|May 06, 2013, 04:05 PM|
United States, CT, New London
Joined May 2013
seeking suggestions for a newbie
Okay, this is my first post and it might ramble on, but please bear with me.
My dad flew a Piper Cub long before I was born, then gave it up when I came along. His love of flight must have brushed off on me because one thing we both have always been interested in is RC flying. Once I was grown and out of the house he got back into flying until health problem forced him to give up his ticket. Now that Iím grown, I still have the ďbugĒ.
I began by surfing the net watching various videos on Youtube, as well as several blogs on the subject, and came to the conclusion that my best bet to get started is on a simulator. Again, more research led me to purchase the RealFlight G6.5 simulator. I should be receiving it later this week. I intend to spend a lot of time on the simulator before purchasing a plane.
When searching for a plane I would like it to be a forgiving trainer, but on the other hand I would like it to be able to be one I could be happy with for long time. I also like the idea of being able to use floats for water take off and landing at a future date. So far, these are the contenders Iíve come up with. Iíd like your opinions on these models or if you think thereís something better that would suit my needs.
While Iím at it, I noticed that although there are many plane models available through the Realflight simulator, I donít seem to find any of these listed. What would make a good model to use?
One other thing, many of the videos and blogs Iíve seen suggest using an instructor for the first few real flights. I agree this would be a good idea, but the nearest RC club is about an hour away. Is extensive simulator training enough before the first flight? And what do you consider enough simulator time. I was thinking an hour or two a day for a month or so.
Thank you in advance for your input.
|May 06, 2013, 04:19 PM|
1. sim time helps. flying a piper cub on RF should be sufficient but you can download plane code for other models iirc.
2. don't fly in wind for the first few weeks.
3. hz super cub or champ. i've seen folks put floats on both. my vote is for the cub since its more easily upgraded.
|May 06, 2013, 07:26 PM|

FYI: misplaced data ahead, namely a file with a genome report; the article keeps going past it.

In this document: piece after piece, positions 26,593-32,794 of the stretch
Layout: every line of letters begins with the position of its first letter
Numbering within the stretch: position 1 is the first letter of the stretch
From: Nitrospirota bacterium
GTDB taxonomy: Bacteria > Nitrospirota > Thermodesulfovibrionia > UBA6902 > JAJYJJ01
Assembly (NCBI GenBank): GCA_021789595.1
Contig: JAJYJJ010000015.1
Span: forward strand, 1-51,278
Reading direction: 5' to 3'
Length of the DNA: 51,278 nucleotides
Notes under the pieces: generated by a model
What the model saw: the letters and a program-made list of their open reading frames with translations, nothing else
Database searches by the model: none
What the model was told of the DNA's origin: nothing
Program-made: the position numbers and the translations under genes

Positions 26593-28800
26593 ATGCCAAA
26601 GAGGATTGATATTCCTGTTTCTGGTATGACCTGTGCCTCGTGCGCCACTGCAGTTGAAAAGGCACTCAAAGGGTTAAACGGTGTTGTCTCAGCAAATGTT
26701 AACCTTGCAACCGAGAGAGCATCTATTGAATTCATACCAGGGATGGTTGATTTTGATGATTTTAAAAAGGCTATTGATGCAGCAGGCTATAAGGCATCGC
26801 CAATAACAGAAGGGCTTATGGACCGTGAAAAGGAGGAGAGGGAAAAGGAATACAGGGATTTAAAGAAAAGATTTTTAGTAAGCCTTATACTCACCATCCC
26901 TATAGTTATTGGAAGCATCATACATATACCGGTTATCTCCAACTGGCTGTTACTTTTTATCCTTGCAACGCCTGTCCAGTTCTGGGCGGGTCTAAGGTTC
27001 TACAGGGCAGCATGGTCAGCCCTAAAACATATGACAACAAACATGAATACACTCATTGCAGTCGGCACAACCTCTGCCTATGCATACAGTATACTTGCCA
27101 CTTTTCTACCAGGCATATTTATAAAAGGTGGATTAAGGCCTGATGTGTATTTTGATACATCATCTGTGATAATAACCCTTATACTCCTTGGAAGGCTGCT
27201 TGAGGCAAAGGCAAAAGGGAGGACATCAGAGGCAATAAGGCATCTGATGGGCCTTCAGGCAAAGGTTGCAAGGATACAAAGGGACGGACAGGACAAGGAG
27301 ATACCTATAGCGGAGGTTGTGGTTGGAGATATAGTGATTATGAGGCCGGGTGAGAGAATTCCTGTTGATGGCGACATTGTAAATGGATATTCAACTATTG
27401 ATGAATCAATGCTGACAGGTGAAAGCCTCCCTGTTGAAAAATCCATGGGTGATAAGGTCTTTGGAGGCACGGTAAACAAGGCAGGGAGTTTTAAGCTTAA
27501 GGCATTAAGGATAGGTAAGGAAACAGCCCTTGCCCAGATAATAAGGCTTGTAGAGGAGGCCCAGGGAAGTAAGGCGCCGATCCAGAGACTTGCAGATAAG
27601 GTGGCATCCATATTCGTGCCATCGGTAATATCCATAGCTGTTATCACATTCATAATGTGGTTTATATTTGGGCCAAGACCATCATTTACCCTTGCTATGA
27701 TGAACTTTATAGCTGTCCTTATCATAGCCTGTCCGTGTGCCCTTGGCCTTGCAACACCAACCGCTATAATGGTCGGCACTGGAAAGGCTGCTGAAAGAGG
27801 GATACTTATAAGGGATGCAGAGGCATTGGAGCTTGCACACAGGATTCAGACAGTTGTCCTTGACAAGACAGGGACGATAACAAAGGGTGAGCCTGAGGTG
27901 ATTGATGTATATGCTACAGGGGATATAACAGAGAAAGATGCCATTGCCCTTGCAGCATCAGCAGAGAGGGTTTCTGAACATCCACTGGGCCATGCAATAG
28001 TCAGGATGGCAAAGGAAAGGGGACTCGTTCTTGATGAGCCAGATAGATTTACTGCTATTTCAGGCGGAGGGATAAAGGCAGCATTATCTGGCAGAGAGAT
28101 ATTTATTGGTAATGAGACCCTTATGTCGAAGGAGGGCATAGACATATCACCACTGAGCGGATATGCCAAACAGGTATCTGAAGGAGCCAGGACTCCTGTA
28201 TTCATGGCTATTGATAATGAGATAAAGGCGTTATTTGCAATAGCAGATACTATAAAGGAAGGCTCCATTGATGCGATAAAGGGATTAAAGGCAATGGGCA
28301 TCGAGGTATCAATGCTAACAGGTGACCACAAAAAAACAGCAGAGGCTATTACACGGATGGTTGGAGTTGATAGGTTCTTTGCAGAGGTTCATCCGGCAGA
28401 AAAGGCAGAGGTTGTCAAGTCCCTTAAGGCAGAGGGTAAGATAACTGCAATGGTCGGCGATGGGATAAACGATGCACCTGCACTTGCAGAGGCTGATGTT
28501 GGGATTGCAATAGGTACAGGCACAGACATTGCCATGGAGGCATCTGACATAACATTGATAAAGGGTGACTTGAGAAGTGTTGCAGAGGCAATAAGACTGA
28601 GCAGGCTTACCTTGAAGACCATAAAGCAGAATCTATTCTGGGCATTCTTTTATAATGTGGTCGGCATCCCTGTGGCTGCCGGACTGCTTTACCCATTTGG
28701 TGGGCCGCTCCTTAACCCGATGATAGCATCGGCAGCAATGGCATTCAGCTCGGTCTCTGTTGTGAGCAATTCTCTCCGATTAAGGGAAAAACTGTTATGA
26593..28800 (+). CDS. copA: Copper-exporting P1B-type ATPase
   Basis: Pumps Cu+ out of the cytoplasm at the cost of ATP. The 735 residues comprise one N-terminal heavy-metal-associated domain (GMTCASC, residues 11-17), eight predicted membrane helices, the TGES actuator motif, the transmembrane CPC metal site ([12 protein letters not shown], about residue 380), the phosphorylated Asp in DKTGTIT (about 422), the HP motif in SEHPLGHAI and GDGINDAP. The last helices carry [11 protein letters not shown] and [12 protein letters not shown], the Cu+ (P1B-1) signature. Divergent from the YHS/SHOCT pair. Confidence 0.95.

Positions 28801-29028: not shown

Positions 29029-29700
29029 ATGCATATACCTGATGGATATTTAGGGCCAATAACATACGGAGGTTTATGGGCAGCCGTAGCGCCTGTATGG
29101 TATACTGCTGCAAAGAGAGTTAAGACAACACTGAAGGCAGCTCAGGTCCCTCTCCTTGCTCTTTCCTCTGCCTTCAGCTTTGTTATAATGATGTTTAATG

United States, WA, Vancouver
Joined Aug 2010
The airframe kit consists of cut out foam pieces that need to be glued together ( I use low temp hot glue ) , and then you have to install the electronics , which you can also get from Fancy Foam . In my opinion doing all that is a GOOD thing ( and not difficult ) because it teaches you how an RC plane works . If you're going to fly RC planes , you HAVE to do repairs , maintenance and make adjustments , so if you've put the plane together yourself it's easier to do all that .
The EZfly is a VERY stable flyer and has excellent self-righting . I would say before flying it ( at a HUGE , OPEN field with no trees , buildings , etc. , practice ( on your sim ) making BIG turns with as little banking as possible . And also practice ascending by gradually increasing throttle , and descending ( and landing ) by gradually reducing throttle . The biggest mistake beginners make is over-controlling , when properly set up the EZfly will practically fly itself !
Fancy Foam also has a float plane version of the EZfly
If you decide to go with this plane , let me know if you have any questions - I'll be glad to help !
P.S. I have sailed catamarans ( Hobie 16 , Prindle 18 ) since 1976 . Lots of " flying " hulls !
|May 08, 2013, 12:03 AM|
United States, OR, Portland
Joined Nov 2012
Take a look at the SNOWBALL, prop is protected by the skids/floats, its also made of EPP or even Blue core foam ( insulation sheet sold at lowes or home depot for under 10 bucks), the blue foam is water prooff!! EPP sucks up water fast and you will sink!!!,, whats fun about the snow ball is you can fly off land or water without taking floats on and off all the time,,watch some of the videos on the snowball page ( link is below) buy the RC parts from Hobby King for half what others are listing them for, and if you cut the foam out yourself its around 10 dollars ,, both the Snowball and the Ezfly offer the plans for free on thier threads, think about scratch building your plan and then you can repair it yourself because you have extra foam ,, no fear that way!,,
Snow ball RC page forum
EzFly forum page, if you want to see more about it before you decide ( free plans also)
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